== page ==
MRI is the most useful diagnostic tool for the diagnosis of vertebral compression fracture and IVC, especially T1 weighted image and fat-suppressed T2 weight image1,4,13,19,36). The affected area shows low SI on T1WI and high SI on T2WI in the acute period, and then changes into iso-signal intensity as the bone marrow edema gradually decreases1). However, the signals of MRI differ depending on the diagnosis time, and the reported difference in MRI signals significantly vary by authors. Young et al.35) reported that osteonecrotic vertebral collapse shows increased signal intensity in T1 weight image, while decreased signal intensity in T2 weight image. However, most of studies revealed that osteonecrotic vertebral collapse shows decreased signal intensity in T1 weight image, while in T2 weight image, it displays variable signals, such as high in fluid and low in gas, depending on the contents of IVC1,4,13,19,31,36). It was reported that a ‘double line sign’, in which a high signal zone is shown in the center and a low signal zone in the periphery in T2WI at the fractured vertebral body, is associated with IVC (Fig. 1)36). There is also a report that this sign is very similar with the ‘crescent sign,’ which is avascular necrosis of the femor16). While the early IVC detectability of noncontrast MRI is approximately 60.9%, that of contrast enhancing MRI increases up to 91.3% as the low SI area of necrotic content and enhancing vertebral body can be clearly distinguished, making an early diagnosis possible (Fig. 1)13).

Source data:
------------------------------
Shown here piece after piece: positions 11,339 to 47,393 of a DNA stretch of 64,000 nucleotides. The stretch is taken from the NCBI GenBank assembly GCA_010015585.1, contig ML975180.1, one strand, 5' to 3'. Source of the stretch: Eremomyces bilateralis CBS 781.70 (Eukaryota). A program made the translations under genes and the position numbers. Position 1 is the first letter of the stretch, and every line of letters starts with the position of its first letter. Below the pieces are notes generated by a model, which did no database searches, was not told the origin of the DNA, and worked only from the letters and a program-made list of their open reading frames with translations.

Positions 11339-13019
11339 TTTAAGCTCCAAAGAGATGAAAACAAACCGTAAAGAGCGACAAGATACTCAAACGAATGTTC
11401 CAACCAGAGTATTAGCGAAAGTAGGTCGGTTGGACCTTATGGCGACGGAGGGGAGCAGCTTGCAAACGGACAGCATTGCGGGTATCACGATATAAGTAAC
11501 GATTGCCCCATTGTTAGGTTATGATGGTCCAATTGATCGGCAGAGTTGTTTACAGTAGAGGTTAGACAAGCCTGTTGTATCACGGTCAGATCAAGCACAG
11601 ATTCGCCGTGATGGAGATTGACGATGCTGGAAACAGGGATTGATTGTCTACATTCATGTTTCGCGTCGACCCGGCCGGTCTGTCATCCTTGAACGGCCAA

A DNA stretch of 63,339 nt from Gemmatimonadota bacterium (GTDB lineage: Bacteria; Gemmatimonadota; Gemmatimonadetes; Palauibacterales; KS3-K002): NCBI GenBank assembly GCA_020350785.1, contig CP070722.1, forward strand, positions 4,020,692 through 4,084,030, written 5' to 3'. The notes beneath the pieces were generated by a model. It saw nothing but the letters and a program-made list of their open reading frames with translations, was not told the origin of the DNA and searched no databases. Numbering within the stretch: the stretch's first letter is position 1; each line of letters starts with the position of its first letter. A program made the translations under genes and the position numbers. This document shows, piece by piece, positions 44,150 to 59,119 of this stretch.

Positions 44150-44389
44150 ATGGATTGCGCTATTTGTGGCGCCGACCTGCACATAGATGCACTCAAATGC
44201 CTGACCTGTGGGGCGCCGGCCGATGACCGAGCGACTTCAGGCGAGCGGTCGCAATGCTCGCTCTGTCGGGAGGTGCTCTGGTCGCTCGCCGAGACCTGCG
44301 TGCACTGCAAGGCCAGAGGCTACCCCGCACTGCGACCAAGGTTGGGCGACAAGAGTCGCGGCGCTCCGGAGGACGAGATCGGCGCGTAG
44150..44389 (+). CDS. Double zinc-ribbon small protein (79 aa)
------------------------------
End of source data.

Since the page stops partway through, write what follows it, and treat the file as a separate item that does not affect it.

In addition to IVC, there is another predictive factor in MRI for delayed vertebral collapse. Ahn et al.1) reported that early bone marrow pattern observed on initial MRI was a poor prognostic factor of OVCF if low SI on T1WI. Tsujio et al.32) reported that thoracolumbar junction, middle-column injury, and confined or diffuse low SI on T2WI are the predictive factors of nonunion, and in particular that confined low SI on T2WI means repetitive mechanical compression due to a tensile and shearing force, and thus the confined type can be more nonunion than diffuse low SI on T2WI. Ha and Kim11) reported that the possibility of progressive vertebral collapse is higher in midportion type fracture and posterior wall combined fracture, as well as when kyphotic angle >10 degrees and height loss >15% of the initial value, and when an IVC sign is present. Sugita also divided osteoporotic spinal fracture by radiologic features and reported that delayed vertebral collapse and IVC can be present in swelled-front type and dented type fractures30).